Here are some ideas of what to do wtih those thrift store jewels or your vintage jewelry that fell apart. You can still put it back together with a more modern touch.
06 Jun 2012 3 Comments
05 Jun 2012 1 Comment
Remember than any of these necklaces could be made from recycled or scrap fabric, not just old t-shirts. Also, when adding embellishments to your necklace, see if you can use something you already have in your house rather than going out and buying something for it. This also reduces waste, because the processing for a new product does not have to be wasted. Try using some spare buttons or beads off of a necklace that broke or even use one of your grandmother’s old vintage broaches as embellishments. If there is any particular necklace you would like to see a how-to for, let me know and I will try to get it up before the end of the summer. Happy reading!
03 Jun 2012 2 Comments
Here’s a few neat little facts to keep you being as green as you possibly can be:
Don’t Patronize Fast-Food Chains.
“Eight hundred and fifty-two million people around the world live in poverty. Of these people, 815 million of them live in developing countries. In 1996, governments of the countries that belong to the United Nations Food and Agriculture Organization (FAO) made a commitment to halving the number of malnourished people in the world by 2015. At the present rate of progress this target will be achieved in 2150, or more than 100 years late, because of fast-food restraunts. Meanwhile, no part of the world is spared the wave of fast-food chain restaurant openings, a vertable standard-bearer of globalization. If you visit fast-food restaurants, think about what you are doing, and make your children aware of the other results of mass-produed food: intensive, polluting agriculture, poor nutritional quality, mountains of non-recyclable packaging, and standardization of tastes” (Bourseiller).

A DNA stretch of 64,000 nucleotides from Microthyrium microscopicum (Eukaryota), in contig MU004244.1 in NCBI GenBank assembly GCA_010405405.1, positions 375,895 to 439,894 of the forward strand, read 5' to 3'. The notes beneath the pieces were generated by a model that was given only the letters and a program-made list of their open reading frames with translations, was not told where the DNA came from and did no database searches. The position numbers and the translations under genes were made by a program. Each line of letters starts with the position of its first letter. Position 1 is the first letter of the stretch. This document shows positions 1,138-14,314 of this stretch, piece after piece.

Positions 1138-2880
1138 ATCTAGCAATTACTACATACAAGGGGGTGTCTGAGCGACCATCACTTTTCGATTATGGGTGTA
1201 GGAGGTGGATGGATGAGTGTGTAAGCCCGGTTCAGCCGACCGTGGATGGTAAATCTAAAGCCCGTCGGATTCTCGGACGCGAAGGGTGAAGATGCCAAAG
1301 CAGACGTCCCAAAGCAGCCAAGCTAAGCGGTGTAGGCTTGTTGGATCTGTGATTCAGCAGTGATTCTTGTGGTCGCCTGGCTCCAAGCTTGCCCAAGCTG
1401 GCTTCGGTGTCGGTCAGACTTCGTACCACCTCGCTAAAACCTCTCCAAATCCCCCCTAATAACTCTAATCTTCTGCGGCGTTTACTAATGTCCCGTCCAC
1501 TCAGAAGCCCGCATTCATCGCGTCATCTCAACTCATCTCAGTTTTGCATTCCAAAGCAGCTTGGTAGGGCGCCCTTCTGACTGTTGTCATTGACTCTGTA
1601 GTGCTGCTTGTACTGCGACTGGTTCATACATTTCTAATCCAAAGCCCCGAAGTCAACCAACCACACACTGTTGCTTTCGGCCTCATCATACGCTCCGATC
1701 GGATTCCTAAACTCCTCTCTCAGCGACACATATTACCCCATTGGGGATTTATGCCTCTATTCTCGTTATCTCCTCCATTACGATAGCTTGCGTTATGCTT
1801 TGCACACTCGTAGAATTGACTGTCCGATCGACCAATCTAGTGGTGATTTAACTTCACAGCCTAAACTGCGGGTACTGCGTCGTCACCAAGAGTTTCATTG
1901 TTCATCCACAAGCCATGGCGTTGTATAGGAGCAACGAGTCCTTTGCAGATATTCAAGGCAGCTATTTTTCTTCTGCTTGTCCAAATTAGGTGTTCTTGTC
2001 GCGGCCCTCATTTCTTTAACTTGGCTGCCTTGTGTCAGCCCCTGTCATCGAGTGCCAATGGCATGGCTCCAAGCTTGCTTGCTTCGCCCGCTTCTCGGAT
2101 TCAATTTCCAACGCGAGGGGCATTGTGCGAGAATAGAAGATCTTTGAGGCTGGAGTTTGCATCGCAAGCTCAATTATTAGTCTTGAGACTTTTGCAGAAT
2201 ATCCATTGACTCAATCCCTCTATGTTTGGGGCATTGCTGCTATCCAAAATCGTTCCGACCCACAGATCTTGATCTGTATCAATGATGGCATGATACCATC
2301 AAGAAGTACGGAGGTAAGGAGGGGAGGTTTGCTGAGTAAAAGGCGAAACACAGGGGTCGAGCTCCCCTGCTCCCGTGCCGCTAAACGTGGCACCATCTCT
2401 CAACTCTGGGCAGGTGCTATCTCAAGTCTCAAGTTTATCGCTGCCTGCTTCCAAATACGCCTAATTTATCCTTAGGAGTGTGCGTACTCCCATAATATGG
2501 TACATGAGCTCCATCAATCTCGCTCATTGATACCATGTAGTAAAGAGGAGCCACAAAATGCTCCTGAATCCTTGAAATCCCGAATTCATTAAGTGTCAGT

02 Jun 2012 1 Comment
These dresses are some examples that eco-friendly doesn’t necessairly mean that it will be out of style. An eco-friendly wedding gown is just the first step to leading a new, greener lifestyle. If you like these dresses, check out : http://inhabitat.com/green-wedding-guide-eco-friendly-wedding-dresses/
Another green option for eco-friendly wedding dresses is previously worn dresses. This is also a very ‘pocketbook friendly’ option, since second-hand dresses are typically less expensive. Check out your local thrift stores and ebay for a once-worn dress.